[Note: the term "motion picture" does not solely mean feature films—for the Library of Congress, it refers to "audiovisual works consisting of a series of related images which, when shown in succession, impart an impression of motion, together with accompanying sounds, if any." Hence, the term includes television, animation, and pretty much any moving image to be found on DVD.]

Rather than stipulating the specific user or source of the DVD, this new exemption focuses on the uses: noncommercial, educational, documentary, criticism, and commentary. It’s important to note that the longer explanation from the Library of Congress specifies that circumventing CSS on a DVD is only justified when non-circumventing methods, such as videotaping the screen while playing the DVD or using screen-capture tools through a computer, are unacceptable due to inadequate audio or visual quality. But nevertheless, this ruling greatly expands who can use ripping software to clip DVDs for academic and transformative use, including a range of derivative works like remix videos and documentaries.

What does this mean for faculty? Now, no matter your discipline, you (or your technological partners) can do what I’ve been doing for the past three years: assemble a personal (or departmental) library of clips to access for class lectures. Now we can expand the use of those clips to embed in conference presentations, public lectures, digital publications, companion websites or DVDs to include with print publications, or other innovative uses that had otherwise been stifled by legal restrictions. For me, having a hard drive full of video clips on hand enables a mode of improvisation not available with DVDs—if discussion shifts to talking about an example of a film or television show that I’ve ripped a clip for another course, I can instantly play it in class even without planning in advance by bringing the DVD. Think of the conference presentations you’ve seen where a presenter fumbles over cuing and swapping DVDs—with a little bit of planning, clips can be directly embedded into a slideshow to avoid awkwardly wasting time.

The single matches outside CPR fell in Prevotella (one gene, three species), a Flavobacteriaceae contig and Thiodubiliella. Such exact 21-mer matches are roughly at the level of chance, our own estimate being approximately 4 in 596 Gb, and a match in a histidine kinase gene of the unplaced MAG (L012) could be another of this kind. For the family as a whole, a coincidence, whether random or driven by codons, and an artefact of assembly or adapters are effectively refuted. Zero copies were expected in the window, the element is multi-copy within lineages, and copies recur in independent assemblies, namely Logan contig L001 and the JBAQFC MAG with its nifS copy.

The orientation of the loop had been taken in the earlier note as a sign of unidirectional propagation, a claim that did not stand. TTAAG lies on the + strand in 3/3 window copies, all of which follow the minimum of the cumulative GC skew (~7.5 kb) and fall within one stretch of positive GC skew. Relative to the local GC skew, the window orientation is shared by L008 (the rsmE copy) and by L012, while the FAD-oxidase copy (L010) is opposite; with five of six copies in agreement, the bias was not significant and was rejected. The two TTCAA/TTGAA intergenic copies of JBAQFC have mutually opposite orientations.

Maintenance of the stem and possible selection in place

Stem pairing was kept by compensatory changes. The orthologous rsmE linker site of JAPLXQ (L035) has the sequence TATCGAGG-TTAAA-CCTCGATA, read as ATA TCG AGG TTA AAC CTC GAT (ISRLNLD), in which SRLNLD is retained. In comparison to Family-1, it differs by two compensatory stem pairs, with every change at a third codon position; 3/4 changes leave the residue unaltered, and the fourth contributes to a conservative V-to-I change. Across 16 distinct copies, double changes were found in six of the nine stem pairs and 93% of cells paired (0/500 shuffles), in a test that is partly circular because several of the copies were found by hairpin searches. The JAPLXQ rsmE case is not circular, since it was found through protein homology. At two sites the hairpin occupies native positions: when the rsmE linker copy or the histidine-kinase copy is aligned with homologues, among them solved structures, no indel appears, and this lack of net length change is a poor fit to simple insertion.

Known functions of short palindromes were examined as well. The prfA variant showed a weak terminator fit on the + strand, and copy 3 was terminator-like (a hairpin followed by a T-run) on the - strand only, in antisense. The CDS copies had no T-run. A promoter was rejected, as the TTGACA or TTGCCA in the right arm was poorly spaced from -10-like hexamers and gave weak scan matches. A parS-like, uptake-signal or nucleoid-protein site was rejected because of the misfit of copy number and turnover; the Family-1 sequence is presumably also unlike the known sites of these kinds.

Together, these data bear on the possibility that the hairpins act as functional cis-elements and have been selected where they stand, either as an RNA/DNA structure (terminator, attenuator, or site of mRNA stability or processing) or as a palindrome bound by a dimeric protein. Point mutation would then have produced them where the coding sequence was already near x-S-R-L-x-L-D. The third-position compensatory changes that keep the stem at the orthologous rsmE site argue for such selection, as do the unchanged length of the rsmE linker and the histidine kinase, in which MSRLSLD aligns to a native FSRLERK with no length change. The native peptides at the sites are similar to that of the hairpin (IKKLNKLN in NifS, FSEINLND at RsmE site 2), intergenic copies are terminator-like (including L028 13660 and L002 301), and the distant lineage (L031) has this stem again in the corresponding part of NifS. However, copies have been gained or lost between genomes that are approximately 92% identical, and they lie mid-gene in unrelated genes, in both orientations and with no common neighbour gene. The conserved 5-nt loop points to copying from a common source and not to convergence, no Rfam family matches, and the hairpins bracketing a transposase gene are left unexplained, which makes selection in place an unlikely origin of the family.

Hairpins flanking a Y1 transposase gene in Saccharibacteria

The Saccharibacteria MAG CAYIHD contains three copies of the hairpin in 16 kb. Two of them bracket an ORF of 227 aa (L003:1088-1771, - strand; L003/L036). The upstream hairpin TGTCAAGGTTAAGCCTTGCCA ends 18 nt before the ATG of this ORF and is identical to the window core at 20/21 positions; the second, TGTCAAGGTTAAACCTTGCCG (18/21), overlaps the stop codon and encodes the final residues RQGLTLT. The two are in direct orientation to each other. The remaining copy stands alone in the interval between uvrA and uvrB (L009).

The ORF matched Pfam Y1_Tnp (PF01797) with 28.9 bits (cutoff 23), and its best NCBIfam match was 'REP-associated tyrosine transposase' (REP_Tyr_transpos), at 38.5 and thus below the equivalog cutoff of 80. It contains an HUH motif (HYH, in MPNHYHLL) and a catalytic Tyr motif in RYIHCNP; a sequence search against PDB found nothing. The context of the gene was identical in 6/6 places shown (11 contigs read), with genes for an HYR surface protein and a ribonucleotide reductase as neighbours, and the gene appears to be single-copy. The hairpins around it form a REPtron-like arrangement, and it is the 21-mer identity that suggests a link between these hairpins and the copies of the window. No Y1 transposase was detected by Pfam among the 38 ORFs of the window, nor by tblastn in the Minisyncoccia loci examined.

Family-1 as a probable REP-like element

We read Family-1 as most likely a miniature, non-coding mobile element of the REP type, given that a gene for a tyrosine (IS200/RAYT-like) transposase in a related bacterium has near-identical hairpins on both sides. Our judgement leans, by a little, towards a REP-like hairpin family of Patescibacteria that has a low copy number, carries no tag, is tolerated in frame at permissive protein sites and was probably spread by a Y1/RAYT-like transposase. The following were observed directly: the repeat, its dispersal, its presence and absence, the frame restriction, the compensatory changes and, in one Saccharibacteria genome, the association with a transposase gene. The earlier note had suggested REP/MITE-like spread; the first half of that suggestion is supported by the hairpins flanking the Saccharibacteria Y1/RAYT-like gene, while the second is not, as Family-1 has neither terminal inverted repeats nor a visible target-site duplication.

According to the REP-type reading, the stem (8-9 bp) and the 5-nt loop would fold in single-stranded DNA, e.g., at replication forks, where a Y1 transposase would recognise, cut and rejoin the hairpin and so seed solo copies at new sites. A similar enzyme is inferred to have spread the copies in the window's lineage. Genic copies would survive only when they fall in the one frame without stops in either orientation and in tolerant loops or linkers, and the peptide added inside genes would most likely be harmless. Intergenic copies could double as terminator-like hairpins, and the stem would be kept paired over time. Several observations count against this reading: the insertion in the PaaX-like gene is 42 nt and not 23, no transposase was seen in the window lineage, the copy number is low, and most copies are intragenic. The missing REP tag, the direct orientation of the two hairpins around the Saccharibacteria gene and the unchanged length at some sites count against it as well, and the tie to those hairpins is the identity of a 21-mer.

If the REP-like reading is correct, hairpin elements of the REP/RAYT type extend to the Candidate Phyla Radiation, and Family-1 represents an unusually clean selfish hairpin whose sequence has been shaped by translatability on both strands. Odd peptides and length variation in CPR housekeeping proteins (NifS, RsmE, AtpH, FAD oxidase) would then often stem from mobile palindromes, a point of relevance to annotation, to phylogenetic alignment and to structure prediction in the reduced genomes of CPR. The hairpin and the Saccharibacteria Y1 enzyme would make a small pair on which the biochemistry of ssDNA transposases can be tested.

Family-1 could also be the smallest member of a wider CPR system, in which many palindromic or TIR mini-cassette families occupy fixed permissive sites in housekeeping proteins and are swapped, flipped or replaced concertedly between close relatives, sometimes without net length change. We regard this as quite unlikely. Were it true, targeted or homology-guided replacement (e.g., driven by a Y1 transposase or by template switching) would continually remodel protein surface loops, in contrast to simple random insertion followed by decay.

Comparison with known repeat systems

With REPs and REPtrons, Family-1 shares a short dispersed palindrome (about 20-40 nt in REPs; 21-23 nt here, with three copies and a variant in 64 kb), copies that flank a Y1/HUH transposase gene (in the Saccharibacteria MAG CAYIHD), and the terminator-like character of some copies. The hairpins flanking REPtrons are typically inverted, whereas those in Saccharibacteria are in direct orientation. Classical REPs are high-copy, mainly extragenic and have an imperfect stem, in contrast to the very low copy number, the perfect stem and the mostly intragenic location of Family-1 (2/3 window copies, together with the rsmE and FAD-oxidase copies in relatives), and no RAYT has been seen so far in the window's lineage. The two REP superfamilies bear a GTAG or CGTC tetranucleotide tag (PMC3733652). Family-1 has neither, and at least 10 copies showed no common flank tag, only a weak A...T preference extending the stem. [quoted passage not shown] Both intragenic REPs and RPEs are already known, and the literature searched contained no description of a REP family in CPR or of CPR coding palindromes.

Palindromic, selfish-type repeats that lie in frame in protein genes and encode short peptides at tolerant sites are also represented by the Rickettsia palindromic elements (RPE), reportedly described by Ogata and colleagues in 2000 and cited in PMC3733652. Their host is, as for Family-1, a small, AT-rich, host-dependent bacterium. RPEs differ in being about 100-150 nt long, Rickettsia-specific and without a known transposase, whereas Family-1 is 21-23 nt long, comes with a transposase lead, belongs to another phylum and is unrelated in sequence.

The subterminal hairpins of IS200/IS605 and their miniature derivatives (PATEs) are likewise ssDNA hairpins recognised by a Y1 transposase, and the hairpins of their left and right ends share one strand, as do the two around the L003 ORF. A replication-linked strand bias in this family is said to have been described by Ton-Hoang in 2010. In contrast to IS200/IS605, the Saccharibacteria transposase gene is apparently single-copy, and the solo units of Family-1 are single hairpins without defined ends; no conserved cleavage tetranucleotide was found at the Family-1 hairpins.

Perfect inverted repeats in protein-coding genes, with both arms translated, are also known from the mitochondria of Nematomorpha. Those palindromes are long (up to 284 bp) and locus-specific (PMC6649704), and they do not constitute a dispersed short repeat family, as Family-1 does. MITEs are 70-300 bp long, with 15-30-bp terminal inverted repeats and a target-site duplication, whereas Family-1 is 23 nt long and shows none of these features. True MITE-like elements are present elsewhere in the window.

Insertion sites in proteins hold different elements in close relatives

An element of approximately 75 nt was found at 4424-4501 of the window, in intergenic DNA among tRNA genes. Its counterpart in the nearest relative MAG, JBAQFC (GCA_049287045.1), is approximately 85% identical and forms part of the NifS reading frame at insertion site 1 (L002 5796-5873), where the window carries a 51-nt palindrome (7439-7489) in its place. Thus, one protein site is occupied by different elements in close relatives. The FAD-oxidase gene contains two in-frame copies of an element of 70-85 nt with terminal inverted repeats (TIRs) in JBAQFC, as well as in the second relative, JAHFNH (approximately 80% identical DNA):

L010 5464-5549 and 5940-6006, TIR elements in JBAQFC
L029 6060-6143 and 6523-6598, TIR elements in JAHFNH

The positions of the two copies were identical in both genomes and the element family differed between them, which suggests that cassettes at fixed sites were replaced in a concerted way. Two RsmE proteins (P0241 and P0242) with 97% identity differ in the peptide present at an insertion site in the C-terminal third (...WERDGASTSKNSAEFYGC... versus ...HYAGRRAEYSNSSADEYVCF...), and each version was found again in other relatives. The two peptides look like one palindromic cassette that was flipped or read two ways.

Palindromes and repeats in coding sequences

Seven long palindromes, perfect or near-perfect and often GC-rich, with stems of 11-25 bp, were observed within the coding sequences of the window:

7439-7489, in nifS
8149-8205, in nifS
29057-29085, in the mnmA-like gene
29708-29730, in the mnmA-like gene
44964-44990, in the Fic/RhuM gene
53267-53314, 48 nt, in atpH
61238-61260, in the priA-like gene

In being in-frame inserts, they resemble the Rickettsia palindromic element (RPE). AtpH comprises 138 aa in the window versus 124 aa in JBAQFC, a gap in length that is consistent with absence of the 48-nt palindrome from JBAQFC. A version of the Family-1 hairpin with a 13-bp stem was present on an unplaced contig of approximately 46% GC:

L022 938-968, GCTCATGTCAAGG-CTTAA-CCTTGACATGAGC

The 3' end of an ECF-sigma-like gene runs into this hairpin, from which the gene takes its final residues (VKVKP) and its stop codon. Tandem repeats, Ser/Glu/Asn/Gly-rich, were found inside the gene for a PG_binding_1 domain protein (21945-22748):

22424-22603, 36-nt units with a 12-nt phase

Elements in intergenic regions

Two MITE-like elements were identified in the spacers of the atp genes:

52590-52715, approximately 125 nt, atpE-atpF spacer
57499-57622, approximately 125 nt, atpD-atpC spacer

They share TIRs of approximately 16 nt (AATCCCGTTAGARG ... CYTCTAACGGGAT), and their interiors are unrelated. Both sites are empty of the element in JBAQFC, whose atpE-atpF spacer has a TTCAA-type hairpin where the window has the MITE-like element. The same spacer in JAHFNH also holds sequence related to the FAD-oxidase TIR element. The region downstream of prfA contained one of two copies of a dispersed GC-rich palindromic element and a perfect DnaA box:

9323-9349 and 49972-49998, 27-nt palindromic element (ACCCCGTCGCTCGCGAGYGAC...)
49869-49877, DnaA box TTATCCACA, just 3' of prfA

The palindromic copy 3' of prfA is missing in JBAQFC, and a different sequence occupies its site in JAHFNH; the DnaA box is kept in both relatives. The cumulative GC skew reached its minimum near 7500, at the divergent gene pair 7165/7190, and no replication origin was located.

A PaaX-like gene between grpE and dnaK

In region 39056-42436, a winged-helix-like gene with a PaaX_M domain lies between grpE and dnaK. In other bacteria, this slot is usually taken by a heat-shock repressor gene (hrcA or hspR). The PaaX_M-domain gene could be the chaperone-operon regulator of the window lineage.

The ruling also allows “college and university film and media students”—and it’s up to you to decide whether your students fall under that rubric if they’re using film and media in a class, regardless of the official discipline—to rip DVD clips for academic purposes, such as in-class presentations or digital assignments. I regularly have students use video in their assignments, whether it’s pulling clips to present in class or creating remix videos to present their critical ideas in moving image form. Now I can show them the more straightforward way to rip clips without asking them to break the law for credit.

Copyright activists have referred to fair use as a muscle that will atrophy if not exercised. The newest exemption ruling has provided a new exercise regimen for academics and other media users to employ, expanding the possibilities for fair use of video a wide range of contexts. Alas, unless we keep exercising this right, it will atrophy, as the Library of Congress will review its exemptions again in 2012 to rule whether the current balance is sufficient, or fair use should be further restrained or expanded. Scholars, users and organizations will continue to push for broader exemptions—such as including K-12 education as an allowed site of fair use, or including downloaded or streamed media from sources like iTunes and Hulu as circumventable works—but media corporations will continue to push for more restrictions and permission-driven controls. Only by touting how fair use matters in our teaching and scholarship can we continue to be assured the right to rip. So how will you exercise your right under the new exemption?

Additional Reading:

[Image by Flickr user NightRPStar / Creative Commons licensed]

The term motion pictures does not solely mean feature films – for the
Library of Congress, it refers to ‘audiovisual works consisting of a
series of related images which, when shown in succession, impart an
impression of motion, together with accompanying sounds, if any.’
Hence, the term includes television, animation, and pretty much any
moving image to be found on DVD.